Police: Tiger Woods, wife unavailable for interview, to answer crash questions Sunday

Tiger Woods' wife, Elin Nordegren, rides next to Woods after winning the U.S. Open championship at Torrey Pines Golf Course on June 16, 2008, in San Diego. Tiger Woods was injured early Friday, Nov. 27, 2009, when he lost control of his SUV outside his Florida mansion, and a local police chief said Woods' wife used a golf club to smash out the back window to help get him out. (AP Photo/Chris Carlson)

Tiger Woods' wife, Elin Nordegren, rides next to Woods after winning the U.S. Open championship at Torrey Pines Golf Course on June 16, 2008, in San Diego. Tiger Woods was injured early Friday, Nov. 27, 2009, when he lost control of his SUV outside his Florida mansion, and a local police chief said Woods' wife used a golf club to smash out the back window to help get him out. (AP Photo/Chris Carlson)

WINDERMERE, Fla. — Tiger Woods and his wife were not available to speak to state troopers for the second straight day, asking that they return Sunday to try to clear up questions about how he crashed his SUV into a neighbor's tree.

The Florida Highway Patrol said the announcement that the world's No. 1 golfer and his wife, Elin, could not speak Saturday to authorities came from his agent. Mark Steinberg of IMG did not immediately respond to a text message seeking comment.

Troopers previously tried to talk to Woods on Friday afternoon. The patrol said his wife told troopers Woods was sleeping, and they agreed to return the next day.

Woods smashed his Cadillac near his $2.4 million mansion at 2:25 a.m. Friday and was briefly hospitalized, police said. His lips were cut, and Windermere police chief Daniel Saylor has said Woods' wife used a golf club to smash out a back window and help Woods from the car.

Sgt. Kim Montes, the patrol spokeswoman, said Woods' agent contacted dispatch and the call was put through to the troopers, who were on their way to Woods' house.

"I don't know what was said," Montes said.

Montes said it was "kind of normal" for Woods not to speak on Friday, the day he was treated and released from a hospital.

"It is unusual that we haven't gotten a statement," she said. "This just delays us to getting closer to the completion of the investigation."

Montes said Woods is not required to talk to troopers in a traffic accident; they only need is driver's license, insurance and registration. She said troopers inside the gates at Isleworth are "looking at other things for their investigation."

She said Woods' Cadillac Escalade was not impounded, but taken to an undisclosed tow yard. She said the front and right of the SUV was damaged, and that both rear passenger windows were busted out.

"We still are going to move forward with our crash investigation," Montes said.

The 911 tapes of the crash could be released as early as Sunday.

Still unanswered is where Woods was going in the wee hours of the morning after Thanksgiving Day. The police report said alcohol was not a factor.

The world's No. 1 golfer and his family live in the exclusive, gated community of Isleworth, an exclusive subdivision near Orlando, set on an Arnold Palmer-designed golf course and a chain of small lakes. The neighborhood, which is fortified with high brick walls and has its own security force, is home to CEOs and other sports stars such as the NBA's Shaquille O'Neal.

On Saturday, more than two dozen media and clusters of TV trucks were camped out in front of its gates.

Woods' news conference for the Chevron World Challenge, the tournament he hosts that benefits his foundation, had been scheduled for Tuesday afternoon. It's unclear whether he would still play, or even attend.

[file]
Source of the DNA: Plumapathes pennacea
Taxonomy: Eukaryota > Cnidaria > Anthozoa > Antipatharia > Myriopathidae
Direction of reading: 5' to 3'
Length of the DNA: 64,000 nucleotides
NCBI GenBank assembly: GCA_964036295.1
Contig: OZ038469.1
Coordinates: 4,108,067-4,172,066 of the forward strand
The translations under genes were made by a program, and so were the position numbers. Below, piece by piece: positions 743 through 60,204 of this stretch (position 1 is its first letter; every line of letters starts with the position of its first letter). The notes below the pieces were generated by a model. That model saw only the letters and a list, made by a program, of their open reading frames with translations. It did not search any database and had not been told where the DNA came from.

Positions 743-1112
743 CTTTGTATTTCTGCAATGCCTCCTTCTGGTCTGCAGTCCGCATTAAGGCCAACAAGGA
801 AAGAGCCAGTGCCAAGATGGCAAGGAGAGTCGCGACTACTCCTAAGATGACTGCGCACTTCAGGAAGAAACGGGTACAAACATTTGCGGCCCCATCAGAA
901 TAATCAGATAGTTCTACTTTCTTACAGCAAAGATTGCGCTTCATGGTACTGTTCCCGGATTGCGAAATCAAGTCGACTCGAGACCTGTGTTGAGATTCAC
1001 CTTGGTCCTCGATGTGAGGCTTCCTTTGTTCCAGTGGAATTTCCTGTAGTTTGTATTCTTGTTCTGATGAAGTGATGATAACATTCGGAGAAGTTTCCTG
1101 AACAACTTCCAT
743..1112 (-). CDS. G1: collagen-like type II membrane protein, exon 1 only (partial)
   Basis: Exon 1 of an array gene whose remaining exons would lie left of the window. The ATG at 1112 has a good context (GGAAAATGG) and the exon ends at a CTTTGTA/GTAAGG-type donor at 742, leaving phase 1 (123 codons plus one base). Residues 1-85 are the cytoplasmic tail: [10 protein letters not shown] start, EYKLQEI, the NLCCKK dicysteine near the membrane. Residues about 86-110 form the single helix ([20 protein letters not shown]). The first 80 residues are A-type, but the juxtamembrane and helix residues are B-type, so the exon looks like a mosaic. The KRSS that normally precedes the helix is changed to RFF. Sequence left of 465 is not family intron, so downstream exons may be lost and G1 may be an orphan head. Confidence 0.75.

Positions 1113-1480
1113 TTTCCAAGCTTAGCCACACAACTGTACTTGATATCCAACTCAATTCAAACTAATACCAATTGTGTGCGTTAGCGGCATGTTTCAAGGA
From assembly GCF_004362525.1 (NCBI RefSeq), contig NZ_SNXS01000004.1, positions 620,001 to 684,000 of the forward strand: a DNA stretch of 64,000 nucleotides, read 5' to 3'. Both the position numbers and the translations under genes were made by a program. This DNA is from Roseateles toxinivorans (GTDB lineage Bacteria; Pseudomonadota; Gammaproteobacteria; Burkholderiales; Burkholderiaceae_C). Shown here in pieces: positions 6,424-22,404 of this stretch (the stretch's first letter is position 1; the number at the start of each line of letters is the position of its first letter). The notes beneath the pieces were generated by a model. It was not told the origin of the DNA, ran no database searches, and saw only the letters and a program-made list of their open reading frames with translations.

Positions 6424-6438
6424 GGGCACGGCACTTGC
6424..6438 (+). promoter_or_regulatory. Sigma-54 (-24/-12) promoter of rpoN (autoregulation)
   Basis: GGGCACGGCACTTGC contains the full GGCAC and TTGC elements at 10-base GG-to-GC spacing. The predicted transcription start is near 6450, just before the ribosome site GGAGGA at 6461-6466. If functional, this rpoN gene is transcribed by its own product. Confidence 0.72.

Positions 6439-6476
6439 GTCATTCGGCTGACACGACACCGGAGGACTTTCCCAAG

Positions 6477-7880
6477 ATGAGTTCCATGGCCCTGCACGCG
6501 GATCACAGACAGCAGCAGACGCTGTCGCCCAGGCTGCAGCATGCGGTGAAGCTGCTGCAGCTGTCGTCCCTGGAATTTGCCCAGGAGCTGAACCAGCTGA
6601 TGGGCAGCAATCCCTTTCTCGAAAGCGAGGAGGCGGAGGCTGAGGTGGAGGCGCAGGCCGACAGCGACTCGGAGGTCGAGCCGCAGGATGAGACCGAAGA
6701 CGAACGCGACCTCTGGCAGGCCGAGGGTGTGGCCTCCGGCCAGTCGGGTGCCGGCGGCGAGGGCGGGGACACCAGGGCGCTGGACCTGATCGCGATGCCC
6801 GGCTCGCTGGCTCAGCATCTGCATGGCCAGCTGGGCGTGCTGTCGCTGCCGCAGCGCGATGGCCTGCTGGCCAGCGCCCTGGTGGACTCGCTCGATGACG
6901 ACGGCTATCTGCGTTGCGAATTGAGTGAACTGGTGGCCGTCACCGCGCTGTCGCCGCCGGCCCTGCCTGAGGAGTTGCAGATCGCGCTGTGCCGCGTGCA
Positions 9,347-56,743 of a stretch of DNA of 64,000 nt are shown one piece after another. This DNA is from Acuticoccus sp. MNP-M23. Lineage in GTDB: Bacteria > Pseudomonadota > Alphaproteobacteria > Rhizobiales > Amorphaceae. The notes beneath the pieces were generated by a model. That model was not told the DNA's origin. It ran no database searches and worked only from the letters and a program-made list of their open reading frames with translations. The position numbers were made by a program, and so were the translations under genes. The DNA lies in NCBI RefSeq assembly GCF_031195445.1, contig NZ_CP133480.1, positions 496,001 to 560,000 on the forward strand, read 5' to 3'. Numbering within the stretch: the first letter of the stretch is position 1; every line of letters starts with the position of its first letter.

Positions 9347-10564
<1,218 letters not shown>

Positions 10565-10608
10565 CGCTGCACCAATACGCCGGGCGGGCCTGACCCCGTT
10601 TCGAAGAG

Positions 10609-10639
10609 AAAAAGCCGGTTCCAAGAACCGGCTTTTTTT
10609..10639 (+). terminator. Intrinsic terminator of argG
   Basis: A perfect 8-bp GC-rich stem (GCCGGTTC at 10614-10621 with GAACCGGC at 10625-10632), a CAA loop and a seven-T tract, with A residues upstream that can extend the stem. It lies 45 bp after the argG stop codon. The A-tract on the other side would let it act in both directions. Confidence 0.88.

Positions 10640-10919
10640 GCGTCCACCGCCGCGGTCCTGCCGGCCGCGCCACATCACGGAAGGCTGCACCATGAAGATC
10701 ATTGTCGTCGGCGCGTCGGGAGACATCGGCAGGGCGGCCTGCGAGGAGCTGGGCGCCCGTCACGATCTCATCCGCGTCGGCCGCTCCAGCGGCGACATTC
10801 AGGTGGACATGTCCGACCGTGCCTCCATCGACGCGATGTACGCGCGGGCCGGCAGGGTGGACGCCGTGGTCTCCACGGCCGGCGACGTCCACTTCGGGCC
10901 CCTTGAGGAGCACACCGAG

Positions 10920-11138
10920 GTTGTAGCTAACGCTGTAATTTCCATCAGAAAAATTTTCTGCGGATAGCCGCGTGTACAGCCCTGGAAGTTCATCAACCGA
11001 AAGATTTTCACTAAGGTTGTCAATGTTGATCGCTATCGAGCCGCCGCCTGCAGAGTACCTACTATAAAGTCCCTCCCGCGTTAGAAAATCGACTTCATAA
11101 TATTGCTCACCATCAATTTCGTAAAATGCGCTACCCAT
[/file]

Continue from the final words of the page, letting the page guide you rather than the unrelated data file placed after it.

"We do not know if Tiger is playing; we are anticipating a great week of competition," said Greg McLaughlin, the tournament director and president of his foundation.

One of Woods' neighbors, who didn't want her name to be used, said it was quiet in front of his house. She said there are usually two or three cars parked outside his home and that was the scene Saturday.

Saylor said his two officers found the 33-year-old Woods lying in the street with his wife hovering over him.

Saylor said she told officers she was in the house when she heard the accident and "broke the back window with a golf club." He said the front-door windows were not broken and that "the door was probably locked."

"She supposedly got him out and laid him on the ground," he said. "He was in and out of consciousness when my guys got there."

In a telephone interview, Woods' father-in-law, radio journalist Thomas Nordegren, told The Associated Press in Stockholm that he would not discuss the accident.

"I haven't spoken to her in the last few ... " Nordegren said about his daughter, Elin, before cutting himself off. "I don't want to go into that."

Woods' mother-in-law Barbro Holmberg also refused to address the matter.

"She doesn't want to comment on private issues like these," Holmberg's spokeswoman Eva Malmborg said.

Roger Federer, who has become close with Woods in recent years, said after losing in the semifinals of the ATP World Tour Finals in London, "I haven't spoken to him. I heard it's not too serious, which is a good thing."

Asked at a Friday evening news conference if the couple could have been arguing, Saylor said he had no knowledge of that.

The accident came two days after the National Enquirer published a story alleging that Woods had been seeing a New York night club hostess, and that they recently were together in Melbourne, where Woods competed in the Australian Masters.

The woman, Rachel Uchitel, denied having an affair with Woods when contacted by the AP.

"I resent my reputation is getting completely blasted in the media," she said during a telephone interview late Friday. "Everyone is assuming I came out and said this. This is not a story I have anything to do with."

Uchitel said she was in Melbourne two weeks ago with clients and never saw Woods the entire time she was there.

"The story stands for itself," National Enquirer executive editor Barry Levine told the AP on Saturday.

Saylor described Woods' wife as "frantic" when two officers arrived and found her kneeling over him in the street. The couple has been married five years and have two children, a 2-year-old daughter named Sam, and son Charlie who was born in February.

Nordegren, a former model from Sweden who once worked as a nanny for golfer Jesper Parnevik, is as private as Woods. She keeps a low profile at tournaments, watching her husband from behind the ropes, and moves on when photographers start taking her picture.

Woods rarely faces such private scrutiny, even as perhaps the most famous active athlete in the world.